Released on December 16, 2016 (in Japanese)
Posted on March 31, 2017
National Institute of Polar Research
Dr. Masaharu Tsuji and his colleagues at the National Institute of Polar Research have discovered two new species of fungi in their investigation of fungal diversity on East Ongul Island, where Syowa Station is located. These fungal species are considered to be adapted to the cold and oligotrophic Antarctic environment, as they can grow at sub-zero temperatures and without needing any amino acids or vitamins. This is the first report of new fungal species isolated from East Ongul Island in the 60 years history of Japanese Antarctic Research Expedition.
About 100,000 species of fungus have been reported in the world, meaning that they are a large diverse group of organisms. As fungi are decomposers of organic compounds, they are involved in carbon cycling and soil formation of their habitats. Fungi are also thought to play a important role in biomass production through their involvement in the colonization by photosynthetic organisms such as lichen in oligotrophic environments such as the Antarctic. However, only about 1,000 species of fungi have been reported in the Antarctic region so far. This number is reduced to only approximately 30 species if the range is narrowed to the area around Syowa Station. For this reason, the research team carried out a large-scale investigation of fungi on East Ongul Island, where Syowa Station is located.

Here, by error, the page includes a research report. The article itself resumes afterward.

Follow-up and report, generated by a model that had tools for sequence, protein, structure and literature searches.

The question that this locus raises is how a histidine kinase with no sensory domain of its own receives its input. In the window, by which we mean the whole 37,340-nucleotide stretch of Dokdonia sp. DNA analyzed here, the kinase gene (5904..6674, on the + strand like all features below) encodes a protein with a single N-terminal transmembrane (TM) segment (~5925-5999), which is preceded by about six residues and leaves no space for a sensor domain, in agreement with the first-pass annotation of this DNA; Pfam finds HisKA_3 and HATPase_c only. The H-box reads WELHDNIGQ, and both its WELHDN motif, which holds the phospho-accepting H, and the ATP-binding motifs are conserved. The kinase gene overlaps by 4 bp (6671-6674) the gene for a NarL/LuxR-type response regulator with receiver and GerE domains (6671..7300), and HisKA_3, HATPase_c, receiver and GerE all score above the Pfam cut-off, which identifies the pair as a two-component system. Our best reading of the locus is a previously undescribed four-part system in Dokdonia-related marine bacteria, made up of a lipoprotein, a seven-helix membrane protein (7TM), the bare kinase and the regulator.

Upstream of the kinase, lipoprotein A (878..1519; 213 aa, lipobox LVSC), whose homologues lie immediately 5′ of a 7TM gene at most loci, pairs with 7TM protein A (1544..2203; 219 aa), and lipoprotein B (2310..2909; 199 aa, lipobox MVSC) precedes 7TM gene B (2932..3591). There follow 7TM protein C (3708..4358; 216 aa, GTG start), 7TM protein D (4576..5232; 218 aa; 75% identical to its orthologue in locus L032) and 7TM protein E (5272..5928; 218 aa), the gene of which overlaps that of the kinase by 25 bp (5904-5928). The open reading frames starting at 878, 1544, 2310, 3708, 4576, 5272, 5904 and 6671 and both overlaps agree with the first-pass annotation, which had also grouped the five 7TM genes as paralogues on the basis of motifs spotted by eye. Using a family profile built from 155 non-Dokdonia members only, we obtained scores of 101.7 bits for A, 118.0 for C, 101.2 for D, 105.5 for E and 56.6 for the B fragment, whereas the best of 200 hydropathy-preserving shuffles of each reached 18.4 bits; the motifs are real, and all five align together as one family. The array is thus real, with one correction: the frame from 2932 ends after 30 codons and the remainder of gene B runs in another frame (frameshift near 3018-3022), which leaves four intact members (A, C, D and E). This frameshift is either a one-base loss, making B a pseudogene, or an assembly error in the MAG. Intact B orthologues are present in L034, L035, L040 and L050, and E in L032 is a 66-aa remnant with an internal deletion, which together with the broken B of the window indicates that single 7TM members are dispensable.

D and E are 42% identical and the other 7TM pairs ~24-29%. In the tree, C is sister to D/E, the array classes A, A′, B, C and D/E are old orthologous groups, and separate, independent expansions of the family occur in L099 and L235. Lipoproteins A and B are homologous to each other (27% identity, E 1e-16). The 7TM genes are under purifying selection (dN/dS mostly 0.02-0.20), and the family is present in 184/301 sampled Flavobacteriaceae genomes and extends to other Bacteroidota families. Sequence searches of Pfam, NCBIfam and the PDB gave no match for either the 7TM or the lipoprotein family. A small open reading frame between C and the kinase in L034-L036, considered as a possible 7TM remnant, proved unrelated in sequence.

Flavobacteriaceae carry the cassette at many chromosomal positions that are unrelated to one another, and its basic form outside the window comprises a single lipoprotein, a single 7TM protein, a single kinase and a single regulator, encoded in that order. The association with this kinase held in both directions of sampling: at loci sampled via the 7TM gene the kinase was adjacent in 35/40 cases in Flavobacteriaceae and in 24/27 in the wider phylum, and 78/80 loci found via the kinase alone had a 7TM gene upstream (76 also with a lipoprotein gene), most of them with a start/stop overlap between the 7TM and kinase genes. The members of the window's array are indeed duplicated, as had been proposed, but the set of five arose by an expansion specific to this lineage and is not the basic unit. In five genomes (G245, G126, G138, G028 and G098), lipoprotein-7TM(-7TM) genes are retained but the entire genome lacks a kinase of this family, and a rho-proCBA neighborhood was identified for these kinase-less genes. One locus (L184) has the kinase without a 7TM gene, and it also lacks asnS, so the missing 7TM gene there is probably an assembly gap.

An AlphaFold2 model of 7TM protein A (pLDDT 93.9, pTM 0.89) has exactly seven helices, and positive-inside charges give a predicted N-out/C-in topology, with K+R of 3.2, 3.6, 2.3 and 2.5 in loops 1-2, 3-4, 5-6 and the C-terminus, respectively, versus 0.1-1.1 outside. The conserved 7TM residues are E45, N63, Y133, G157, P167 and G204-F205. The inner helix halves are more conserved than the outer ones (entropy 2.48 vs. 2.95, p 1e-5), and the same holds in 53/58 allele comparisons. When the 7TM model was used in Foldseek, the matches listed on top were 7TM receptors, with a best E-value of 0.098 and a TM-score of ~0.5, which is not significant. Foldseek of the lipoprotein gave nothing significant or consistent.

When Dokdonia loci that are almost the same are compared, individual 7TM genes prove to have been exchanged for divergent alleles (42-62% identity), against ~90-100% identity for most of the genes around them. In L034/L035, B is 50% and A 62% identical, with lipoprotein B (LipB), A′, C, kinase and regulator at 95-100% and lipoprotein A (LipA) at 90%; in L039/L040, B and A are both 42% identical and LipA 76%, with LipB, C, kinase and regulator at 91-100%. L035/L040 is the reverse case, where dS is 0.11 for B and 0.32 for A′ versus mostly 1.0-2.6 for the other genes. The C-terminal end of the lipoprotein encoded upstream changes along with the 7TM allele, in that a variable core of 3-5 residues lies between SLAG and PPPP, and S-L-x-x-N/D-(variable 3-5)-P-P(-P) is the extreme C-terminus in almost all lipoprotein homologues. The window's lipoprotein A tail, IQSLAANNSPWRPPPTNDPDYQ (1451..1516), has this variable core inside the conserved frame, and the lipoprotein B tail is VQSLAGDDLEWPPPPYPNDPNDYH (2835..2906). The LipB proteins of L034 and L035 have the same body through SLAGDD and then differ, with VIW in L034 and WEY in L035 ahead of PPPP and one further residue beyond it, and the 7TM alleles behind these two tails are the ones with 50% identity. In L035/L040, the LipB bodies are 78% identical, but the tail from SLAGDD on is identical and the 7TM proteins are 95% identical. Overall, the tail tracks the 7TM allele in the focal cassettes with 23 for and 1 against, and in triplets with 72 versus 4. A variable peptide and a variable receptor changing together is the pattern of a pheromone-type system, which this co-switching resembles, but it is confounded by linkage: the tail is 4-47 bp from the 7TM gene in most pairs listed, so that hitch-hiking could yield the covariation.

Figure 1：Sample collection on East Ongul Island (courtesy of Megumu Tsujimoto)
In November 2015, Dr. Tsuji studied frozen samples taken from 226 sites on East Ongul Island. The samples had been collected by members of the research team Professor Satoshi Imura and Dr. Megumu Tsujimoto during the 49th Japanese Antarctic Research Expedition (2007–08).
From the 226 samples, 293 fungal strains were isolated. Their 26S ribosomal DNA and others sequences were analyzed, and consequently, two new basidiomycetous yeast species (Fig. 2) were identified. It is the first time in the history of the Japanese Antarctic Research Expedition that a new species of fungus has been discovered. The new species have been named Cystobasidium tubakii and C. ongulense, after the late Professor Keisuke Tubaki, who was the first to report fungi from near the Syowa Station, and East Ongul Island.
Figure 2: Cystobasidium tubakii (A and B) and C. ongulense (C and D). A: micrograph of C. tubakii; B: colonies of C. tubakii after 10 days of culture on a YM agar plate at 15℃; C: micrograph of C. ongulense; D: colonies of C. ongulense after 10 days of culture on a YM agar plate at 15℃.
Detailed examination of growth characteristics of these two new species revealed that both can grow at -3°C. These species were also found to need neither amino acids nor vitamins for their growth, while other fungi of the genus Cystobasidium need vitamins to grow. These characteristics were likely obtained by the yeasts to survive oligotrophic environments such as that in Antarctica.
Dr. Tsuji explained the importance of this discovery. “We will investigate if these fungi can be utilized in industry by making the most of their characteristics. Our final purpose is to provide an overview of the terrestrial ecosystem in this region through next-generation sequencing of fungi, bacteria, and animalcules contained in previously collected samples.”
Title: Cystobasidium tubakii and Cystobasidium ongulense, new basidiomycetous yeast species isolated from East Ongul Island, East Antarctica
Masaharu Tsuji1, Megumu Tsujimoto1,2, Satoshi Imura1,2
1 National Institute of Polar Research, Japan
2 Department of Polar Science, SOKENDAI, Japan
Available online: December 10, 2016
This study was supported by JSPS Grant-in-Aid for Scientific Research (18310024, 16K12643, 16H06211).
Public Relations Section